The more things change, the more they stay the same. The final cut of our list of indispensable high school reads—culled from reader comments—is dominated by perennials like George Orwell’s Nineteen Eighty-Four and J.D. Salinger’s The Catcher in the Rye. The five most popular entries were all published within 15 years of each other, and none were published later than Harper Lee’s To Kill a Mockingbird in 1960. Only three of the works on the list could be considered recent, appearing within the last 20 years: Stephen Chbosky’s epistolary novel The Perks of Being a Wallflower (1999); Marjane Satrapi’s graphic memoir Persepolis, about growing up during the Iranian Revolution (2000–03); and Cormac McCarthy’s brutal, dark novel The Road (2006).
The specter of World War II, with its themes of totalitarianism, social fragmentation, mass surveillance, and the decline of individual freedom, looms over many of the novels. Dystopian novels form a major category: Orwell’s Animal Farm, William Golding’s allegory The Lord of the Flies, Aldous Huxley’s Brave New World, Kurt Vonnegut’s absurdist comedy Slaughterhouse-Five, Margaret Atwood’s The Handmaid’s Tale, and McCarthy’s The Road join Nineteen Eighty-Four here. Thinking back on my days as a high school English teacher, it feels like I missed an opportunity to teach dystopia as a theme. There’s a wealth of material to draw from—and it’s both high quality and accessible to a broad range of high school readers.
A recurring pedagogical issue emerged as teachers joined the conversation: How should educators balance challenging books—works by Shakespeare, for example—with the students’ desire for choice? How can teachers ensure rich, shared learning opportunities without putting their students off reading forever? These aren’t idle concerns. If your goal is to nurture a lifelong love of reading, a dogmatic reliance on the classics appears to be catastrophic.
You can read some devastating student feedback about choice-less classrooms in the Edutopia post “Start a Reading Revolution.” And as literacy educator Kelly Gallagher, the author of Readicide, recently tweeted: “For the 3rd year in a row, 90%+ of my seniors have admitted they have fake read their way to the 12th grade. Schools must change!” I asked a similar question of my freshmen English classes many years ago, and got the same dispiriting response. Almost none of my incoming freshmen had finished a book in the previous three years. For an approach to balancing student choice with curated texts, read Brian Sztabnik’s recent Edutopia post “Igniting a Passion for Reading.”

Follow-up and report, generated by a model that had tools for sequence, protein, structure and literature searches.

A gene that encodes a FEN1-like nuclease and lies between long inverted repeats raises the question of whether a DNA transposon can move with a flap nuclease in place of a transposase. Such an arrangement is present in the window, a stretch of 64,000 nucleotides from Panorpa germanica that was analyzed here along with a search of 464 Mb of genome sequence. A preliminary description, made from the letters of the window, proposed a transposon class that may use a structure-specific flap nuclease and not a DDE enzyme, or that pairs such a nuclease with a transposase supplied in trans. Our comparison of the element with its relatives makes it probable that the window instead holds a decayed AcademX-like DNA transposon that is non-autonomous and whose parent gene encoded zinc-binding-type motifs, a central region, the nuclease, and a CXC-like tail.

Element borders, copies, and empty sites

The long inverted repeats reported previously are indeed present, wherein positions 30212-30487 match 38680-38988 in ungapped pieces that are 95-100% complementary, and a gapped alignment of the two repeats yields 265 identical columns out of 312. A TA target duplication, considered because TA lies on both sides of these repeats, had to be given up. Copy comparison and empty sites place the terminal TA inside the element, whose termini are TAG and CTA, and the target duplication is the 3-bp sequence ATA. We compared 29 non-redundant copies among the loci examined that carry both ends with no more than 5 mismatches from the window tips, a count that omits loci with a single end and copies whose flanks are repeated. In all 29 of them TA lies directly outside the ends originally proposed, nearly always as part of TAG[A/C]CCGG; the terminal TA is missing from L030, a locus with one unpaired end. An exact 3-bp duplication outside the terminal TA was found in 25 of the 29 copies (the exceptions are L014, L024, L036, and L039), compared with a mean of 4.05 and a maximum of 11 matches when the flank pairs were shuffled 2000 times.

The List of Indispensable Books
1. To Kill a Mockingbird
Harper Lee’s seminal coming-of-age story set in the fictional southern town of Maycomb, Alabama. Primary themes of interest to high schoolers: racial injustice, moral and spiritual growth, courage and integrity, innocence and experience.
2. Nineteen Eighty-Four
George Orwell’s vision of a totalitarian future, not long after the Atomic Wars have reduced the geopolitical map to three superstates: Eurasia, Oceania, and Eastasia. Primary themes of interest to high schoolers: totalitarianism and state power, surveillance, individual freedom, the nature of truth, the power of propaganda.
3. Lord of the Flies
William Golding’s tale of child castaways who establish a violent social order on a deserted island. Primary themes of interest to high schoolers: civilization and governance, social and moral order, savagery and primitivism, cruelty, leadership, injustice.
4. Animal Farm
George Orwell’s allegory tracing the formation of Soviet Russia. Primary themes of interest to high schoolers: totalitarianism and state power, individual freedom, the mutability of historical truth, the power of propaganda, the cult of personality.
5. Catcher in the Rye
The reclusive J.D. Salinger’s most popular novel, told through the eyes of the notoriously irreverent teenager Holden Caulfield. Primary themes of interest to high schoolers: unreliable narrators, individuality and identity, social alienation and rebellion, social mores and rules.
6. The Grapes of Wrath
John Steinbeck’s Depression-era classic, which follows the travels of impoverished Dust Bowl refugees as they flee westward to California. Primary themes of interest to high schoolers: wealth and poverty, injustice, social and political policy and governance, biblical themes such as judgment and redemption.